Their life isn't easy, but it's clear that they're making some sort of life, helped in no small part by Nora's physical resemblance to Tessa, the niece of their employers. The people they meet are rather stereotypical, but again there doesn't seem to be a moral or point, just "here are the people in their lives." And, of course, it all ends on an upbeat note.

ARC provided by publisher.

Under the Lion's Gaze: Maaza Mengiste

Beneath the Lion's Gaze: A NovelBeneath the Lion's Gaze: A Novel by Maaza Mengiste
My rating: 3 of 5 stars

A very difficult book to read, thanks to the images of torture the author has included. The story of a nation's implosion under the twin forces of famine and military revolt, this novel reminded me how little we in the West talk about, or study, African countries.

I'm not sure why it was necessary to create a new character as a stand-in for Mengistu Haile Mariam, or to imagine the mental confusion of Emporer Hailie Salassi. The other characters (Hailu and his family, the soldiers, their neighbors) all seemed to be specific types, chosen to illustrate the varieties of behavior and beliefs during this sort of upheaval. The torture scenes, the divisions in the families and friendships, the horror that was the start of the Derg era - all are sadly reminiscent of other horrors in other countries. How we continue to go through these episodes is beyond me - we never seem to learn.

Copy provided by publisher.

20 May 2011

Nemesis; Jo Nesbo

NemesisNemesis by Jo Nesbø

My rating: 4 of 5 stars


This Norwegian mystery is appropriately dark; our hero, Henry Hole, is one of those classic loners who can't really keep a relationship going but always, somehow, manages to solve the murder(s). Think Stephen Booth crossed with Ian Rankin, set in Norway.

This "episode" contains several threads: the string of bank robberies, a one-night fling with an old girlfriend who ends up murdered, his current girlfriends custody battle in Russia, and an old gypsy fraternal feud. Rather than being confusing, Nesbo skillfully weaves the plot together in such a way as to not confuse readers (although at times I thought there was a little too much exposition, but YMMV).

16 May 2011

Reading My Father; Alexandra Styron

Reading My Father: A MemoirReading My Father: A Memoir by Alexandra Styron
My rating: 3 of 5 stars

I hesitated to read this, thinking it would be a version of Mommy Dearest, but that is not the case here. Ms. Styron has written an interesting, heartfelt appreciation of the writer, the man and her father, William Styron.
Like most children, she grew up knowing one side of Daddy: the sometimes funny, sometimes drunk, sometimes terrifyingly angry person living in the house. Through the Duke University archives she discovers the man, thanks to his letters to his father and others, and the writer, thanks to his drafts and other writings. The portrait painted is complex and while her daughter's point-of-view never quite disappears you can see her appreciating the sides of him she didn't know and reconciling with the Daddy she did.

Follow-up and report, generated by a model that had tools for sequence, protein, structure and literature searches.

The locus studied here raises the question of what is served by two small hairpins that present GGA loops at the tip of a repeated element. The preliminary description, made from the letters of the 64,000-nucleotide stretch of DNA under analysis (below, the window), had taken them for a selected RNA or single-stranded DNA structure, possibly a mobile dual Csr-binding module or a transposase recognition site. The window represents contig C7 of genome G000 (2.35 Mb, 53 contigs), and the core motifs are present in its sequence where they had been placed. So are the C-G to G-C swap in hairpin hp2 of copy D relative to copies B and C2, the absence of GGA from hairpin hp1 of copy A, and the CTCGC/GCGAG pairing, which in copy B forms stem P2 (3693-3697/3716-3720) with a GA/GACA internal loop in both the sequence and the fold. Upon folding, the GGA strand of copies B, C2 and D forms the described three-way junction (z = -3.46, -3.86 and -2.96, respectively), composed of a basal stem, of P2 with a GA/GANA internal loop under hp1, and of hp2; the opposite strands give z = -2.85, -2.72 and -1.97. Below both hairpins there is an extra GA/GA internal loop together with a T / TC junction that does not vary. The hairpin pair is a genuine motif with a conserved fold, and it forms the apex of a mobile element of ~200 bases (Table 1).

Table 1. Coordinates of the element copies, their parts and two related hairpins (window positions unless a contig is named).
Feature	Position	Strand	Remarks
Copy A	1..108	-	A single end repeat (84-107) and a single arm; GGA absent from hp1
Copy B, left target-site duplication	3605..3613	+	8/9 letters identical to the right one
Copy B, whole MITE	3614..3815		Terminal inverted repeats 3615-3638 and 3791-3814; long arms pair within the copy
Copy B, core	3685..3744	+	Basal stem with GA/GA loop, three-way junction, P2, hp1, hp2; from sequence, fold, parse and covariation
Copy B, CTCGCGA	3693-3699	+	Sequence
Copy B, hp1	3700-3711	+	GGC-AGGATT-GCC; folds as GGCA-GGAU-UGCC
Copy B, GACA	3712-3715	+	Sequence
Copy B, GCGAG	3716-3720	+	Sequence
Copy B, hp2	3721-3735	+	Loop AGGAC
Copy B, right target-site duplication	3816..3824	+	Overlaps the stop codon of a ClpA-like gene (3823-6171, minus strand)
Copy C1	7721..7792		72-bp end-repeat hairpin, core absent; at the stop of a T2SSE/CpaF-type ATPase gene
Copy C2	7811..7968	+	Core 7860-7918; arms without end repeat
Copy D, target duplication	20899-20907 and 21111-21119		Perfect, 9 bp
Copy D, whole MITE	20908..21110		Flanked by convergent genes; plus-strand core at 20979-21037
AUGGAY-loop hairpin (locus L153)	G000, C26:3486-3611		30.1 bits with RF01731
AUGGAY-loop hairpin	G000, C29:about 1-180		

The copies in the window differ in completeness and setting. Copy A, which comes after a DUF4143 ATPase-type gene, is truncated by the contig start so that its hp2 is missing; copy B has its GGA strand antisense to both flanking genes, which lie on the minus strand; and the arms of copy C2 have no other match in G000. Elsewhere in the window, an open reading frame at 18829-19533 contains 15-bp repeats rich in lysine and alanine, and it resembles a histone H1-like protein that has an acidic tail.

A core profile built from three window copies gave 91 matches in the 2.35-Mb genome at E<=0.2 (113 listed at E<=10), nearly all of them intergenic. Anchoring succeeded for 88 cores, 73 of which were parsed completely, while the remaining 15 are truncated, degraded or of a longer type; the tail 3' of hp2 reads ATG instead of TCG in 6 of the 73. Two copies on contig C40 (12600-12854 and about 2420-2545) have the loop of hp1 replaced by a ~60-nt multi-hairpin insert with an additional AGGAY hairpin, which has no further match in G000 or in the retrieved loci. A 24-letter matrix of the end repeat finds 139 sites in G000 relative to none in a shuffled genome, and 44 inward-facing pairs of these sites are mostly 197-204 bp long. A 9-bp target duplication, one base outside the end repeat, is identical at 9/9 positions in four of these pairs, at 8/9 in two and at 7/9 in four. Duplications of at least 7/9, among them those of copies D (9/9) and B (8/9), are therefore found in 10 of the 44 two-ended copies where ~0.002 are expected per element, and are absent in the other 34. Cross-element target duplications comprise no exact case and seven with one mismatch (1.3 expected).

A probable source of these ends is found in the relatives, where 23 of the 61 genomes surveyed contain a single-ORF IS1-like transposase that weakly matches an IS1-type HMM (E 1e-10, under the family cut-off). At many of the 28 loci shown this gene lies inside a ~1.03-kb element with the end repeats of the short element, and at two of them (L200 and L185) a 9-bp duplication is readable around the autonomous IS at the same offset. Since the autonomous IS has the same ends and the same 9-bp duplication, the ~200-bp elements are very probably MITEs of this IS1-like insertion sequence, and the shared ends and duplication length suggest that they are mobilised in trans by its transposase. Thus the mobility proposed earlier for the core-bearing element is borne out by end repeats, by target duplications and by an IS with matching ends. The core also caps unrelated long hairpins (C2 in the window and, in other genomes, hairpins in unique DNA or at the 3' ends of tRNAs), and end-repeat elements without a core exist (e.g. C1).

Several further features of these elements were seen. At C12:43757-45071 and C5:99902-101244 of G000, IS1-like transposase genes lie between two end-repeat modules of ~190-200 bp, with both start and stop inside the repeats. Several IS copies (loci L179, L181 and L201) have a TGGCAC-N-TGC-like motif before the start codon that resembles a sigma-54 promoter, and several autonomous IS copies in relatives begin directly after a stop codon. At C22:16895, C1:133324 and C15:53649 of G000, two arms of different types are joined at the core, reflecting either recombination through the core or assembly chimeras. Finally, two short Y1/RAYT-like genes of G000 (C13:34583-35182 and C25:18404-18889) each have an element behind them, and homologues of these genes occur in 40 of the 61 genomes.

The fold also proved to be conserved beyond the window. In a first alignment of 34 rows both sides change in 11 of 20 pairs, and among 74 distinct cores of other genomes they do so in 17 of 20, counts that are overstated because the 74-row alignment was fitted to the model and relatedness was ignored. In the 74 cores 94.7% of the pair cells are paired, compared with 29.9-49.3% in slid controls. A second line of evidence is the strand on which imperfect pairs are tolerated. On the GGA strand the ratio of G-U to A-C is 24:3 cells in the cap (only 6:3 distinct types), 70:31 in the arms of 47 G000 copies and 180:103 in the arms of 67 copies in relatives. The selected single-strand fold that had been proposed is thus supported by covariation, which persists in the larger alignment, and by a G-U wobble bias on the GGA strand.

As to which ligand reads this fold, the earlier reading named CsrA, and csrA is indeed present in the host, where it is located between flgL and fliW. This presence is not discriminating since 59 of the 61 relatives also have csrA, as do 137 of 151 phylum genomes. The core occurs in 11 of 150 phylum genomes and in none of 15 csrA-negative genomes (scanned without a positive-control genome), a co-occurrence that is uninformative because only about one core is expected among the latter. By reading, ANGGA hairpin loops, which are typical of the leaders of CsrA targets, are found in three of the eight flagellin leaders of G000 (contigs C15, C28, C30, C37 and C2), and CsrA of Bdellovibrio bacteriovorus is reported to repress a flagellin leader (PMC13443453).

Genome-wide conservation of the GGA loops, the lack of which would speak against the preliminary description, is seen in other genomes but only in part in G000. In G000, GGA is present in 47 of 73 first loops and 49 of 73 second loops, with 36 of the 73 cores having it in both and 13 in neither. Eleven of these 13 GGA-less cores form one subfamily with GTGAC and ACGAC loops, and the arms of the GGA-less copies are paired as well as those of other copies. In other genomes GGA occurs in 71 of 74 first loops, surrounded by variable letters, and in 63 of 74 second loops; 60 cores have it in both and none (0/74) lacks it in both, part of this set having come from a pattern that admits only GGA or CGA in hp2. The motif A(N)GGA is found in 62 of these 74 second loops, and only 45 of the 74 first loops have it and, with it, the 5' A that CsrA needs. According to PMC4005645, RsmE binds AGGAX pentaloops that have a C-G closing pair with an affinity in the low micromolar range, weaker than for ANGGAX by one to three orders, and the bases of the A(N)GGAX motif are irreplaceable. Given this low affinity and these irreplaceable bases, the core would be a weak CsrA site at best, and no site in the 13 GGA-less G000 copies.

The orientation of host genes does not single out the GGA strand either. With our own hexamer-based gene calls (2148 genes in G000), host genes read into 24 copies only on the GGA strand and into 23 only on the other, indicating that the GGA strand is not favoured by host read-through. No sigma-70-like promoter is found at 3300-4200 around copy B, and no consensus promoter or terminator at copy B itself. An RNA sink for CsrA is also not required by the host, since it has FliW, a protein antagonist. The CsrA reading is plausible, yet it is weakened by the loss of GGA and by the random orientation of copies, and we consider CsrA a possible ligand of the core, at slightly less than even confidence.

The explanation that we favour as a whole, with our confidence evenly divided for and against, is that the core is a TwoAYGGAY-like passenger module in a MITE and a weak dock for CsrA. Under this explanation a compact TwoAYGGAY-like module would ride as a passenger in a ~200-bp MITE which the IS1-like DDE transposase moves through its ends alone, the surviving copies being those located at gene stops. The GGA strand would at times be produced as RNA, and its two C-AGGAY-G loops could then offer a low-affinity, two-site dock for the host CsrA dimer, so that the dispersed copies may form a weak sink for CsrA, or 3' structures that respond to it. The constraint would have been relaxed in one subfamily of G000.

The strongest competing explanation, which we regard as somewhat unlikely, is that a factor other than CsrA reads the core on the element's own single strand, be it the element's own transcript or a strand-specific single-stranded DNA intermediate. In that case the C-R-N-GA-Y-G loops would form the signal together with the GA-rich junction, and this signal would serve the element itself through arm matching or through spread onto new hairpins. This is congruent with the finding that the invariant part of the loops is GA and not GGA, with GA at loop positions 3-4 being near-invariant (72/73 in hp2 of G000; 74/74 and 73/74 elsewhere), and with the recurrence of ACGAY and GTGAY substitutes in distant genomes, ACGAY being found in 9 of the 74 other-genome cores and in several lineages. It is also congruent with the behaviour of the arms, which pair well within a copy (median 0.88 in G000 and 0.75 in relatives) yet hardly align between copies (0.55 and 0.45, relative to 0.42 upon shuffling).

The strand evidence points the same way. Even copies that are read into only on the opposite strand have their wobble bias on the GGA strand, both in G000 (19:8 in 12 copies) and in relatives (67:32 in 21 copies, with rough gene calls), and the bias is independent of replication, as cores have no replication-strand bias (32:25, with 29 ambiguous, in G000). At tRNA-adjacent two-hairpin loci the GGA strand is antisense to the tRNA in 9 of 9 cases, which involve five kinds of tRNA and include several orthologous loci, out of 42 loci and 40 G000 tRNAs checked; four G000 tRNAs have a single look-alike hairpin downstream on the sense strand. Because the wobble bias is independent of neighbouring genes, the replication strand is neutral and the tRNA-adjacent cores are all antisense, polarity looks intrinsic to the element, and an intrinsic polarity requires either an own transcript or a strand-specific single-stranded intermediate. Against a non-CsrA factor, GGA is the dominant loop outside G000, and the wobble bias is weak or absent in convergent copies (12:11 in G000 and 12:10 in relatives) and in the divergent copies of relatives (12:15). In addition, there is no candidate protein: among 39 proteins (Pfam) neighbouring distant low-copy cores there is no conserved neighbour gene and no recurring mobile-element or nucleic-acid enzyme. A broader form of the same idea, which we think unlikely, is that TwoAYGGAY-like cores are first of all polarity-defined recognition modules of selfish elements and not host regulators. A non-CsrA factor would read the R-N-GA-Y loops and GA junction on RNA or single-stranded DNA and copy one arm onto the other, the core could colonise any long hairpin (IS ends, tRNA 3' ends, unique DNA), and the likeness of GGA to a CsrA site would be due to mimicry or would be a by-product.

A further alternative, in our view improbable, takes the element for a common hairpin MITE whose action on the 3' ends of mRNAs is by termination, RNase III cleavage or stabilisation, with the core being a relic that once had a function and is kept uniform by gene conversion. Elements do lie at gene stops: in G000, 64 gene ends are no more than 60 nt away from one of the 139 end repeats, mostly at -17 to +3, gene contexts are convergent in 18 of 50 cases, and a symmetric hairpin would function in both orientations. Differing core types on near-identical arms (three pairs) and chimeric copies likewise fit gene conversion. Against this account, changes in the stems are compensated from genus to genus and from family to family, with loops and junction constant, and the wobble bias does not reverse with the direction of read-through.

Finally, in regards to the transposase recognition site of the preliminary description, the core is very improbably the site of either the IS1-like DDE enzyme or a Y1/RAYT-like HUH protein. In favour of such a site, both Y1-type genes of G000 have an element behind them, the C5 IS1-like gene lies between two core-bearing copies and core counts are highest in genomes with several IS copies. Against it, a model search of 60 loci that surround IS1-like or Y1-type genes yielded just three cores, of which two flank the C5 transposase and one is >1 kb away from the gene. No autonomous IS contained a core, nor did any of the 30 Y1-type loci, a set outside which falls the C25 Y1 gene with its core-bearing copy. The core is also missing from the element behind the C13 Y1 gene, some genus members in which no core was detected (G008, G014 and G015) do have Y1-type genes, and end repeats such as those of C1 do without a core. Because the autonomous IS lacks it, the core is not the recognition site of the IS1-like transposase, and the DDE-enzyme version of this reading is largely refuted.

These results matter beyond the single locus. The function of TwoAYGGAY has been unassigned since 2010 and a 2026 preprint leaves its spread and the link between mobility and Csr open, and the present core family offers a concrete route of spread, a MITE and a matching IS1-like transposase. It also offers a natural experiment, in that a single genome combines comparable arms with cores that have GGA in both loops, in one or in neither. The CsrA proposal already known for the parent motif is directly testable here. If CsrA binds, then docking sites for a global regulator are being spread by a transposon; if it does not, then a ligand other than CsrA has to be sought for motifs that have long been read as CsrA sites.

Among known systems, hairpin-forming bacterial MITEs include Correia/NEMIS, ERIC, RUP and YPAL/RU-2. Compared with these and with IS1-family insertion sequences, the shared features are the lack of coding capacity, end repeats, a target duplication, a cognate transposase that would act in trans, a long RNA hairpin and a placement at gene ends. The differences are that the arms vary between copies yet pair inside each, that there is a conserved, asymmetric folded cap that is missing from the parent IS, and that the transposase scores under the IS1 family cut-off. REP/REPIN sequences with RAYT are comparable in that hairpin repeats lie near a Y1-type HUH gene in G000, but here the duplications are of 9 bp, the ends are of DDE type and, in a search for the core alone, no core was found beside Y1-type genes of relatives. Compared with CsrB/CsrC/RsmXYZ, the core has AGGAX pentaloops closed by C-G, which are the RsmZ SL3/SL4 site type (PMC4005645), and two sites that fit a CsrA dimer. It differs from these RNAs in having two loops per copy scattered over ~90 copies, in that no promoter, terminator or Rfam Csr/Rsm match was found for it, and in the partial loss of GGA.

This isn't a linear memoir, which works well. Styron's descent into depression in 1985 (and again in 2000) is the thread that holds her story together. I wondered if he was depressed prior to then, how much of the despair was covered by the alcohol and the rage.

One never really knows one's parents, but reading this I get the sense that Ms. Styron now knows her father better than most.

ARC provided by publisher.

15 May 2011

The Map of Time; Felix Palma

The Map of Time: A NovelThe Map of Time: A Novel by Félix J. Palma
My rating: 2 of 5 stars


I was so excited to get this book - the back flap suggests a Jasper Ffordian adventure starring H.G. Wells. However... not so much. This novel is in three parts, only lightly interwoven. One of those threads is H.G. Wells, another is Gilliam Murray and his Trip to the Year 2000. The author has written this as a pastiche of Victorian novels, filled with digressions, overly adjectived, and a tad rambling.

Part One is the story of Andrew, an upper-middle class boy who falls in love with a beautiful whore, Mary Kelly. Their relationship progresses to the point where Andrew announces his love for her to his father and promptly gets disinherited. Lost, he wanders back to her home/hovel, only to arrive minutes after Jack the Ripper has visited his fifth victim. Eight years later he's prepared to kill himself in that same room, until his cousin Charles, with the help of Mr. Murray and Mr. Wells, convinces him that by traveling through time he has saved Mary.

Part Two is set in Murray's Time Traveling fraud, with a young, bored woman taking the trip to the year 2000 only to fall in love with the Savior of the Human Race, Derek Shackleton. Derek - aka Tom - falls in love with her, too; back in the "present day" they spend one night and several passionate letters declaring their love (Tom's letters are written by Wells).

Part Three finds us contemplating three murders, committed with some weapon unknown to the era. Scotland Yard's detective has decided that the only possible suspect is Mr. Shackleton and convinces his superiors to allow him to travel to the year 2000 to arrest Shackleton. Murray, afraid his huge hoax will be discovered, convinces Wells to find the real killer... and thus commences a very complicated, confusing explanation of time travel, the Library of Truth and other things, as Wells tries to prevent The Invisible Man from being published by the supposed murderer (who will also kill Bram Stoker and Henry James, stealing Dracula and The Turn of the Screw). This is the least comprehensible part of the book, with what appears to be three time travelers, including one claiming to be Wells-of-the-future, running around.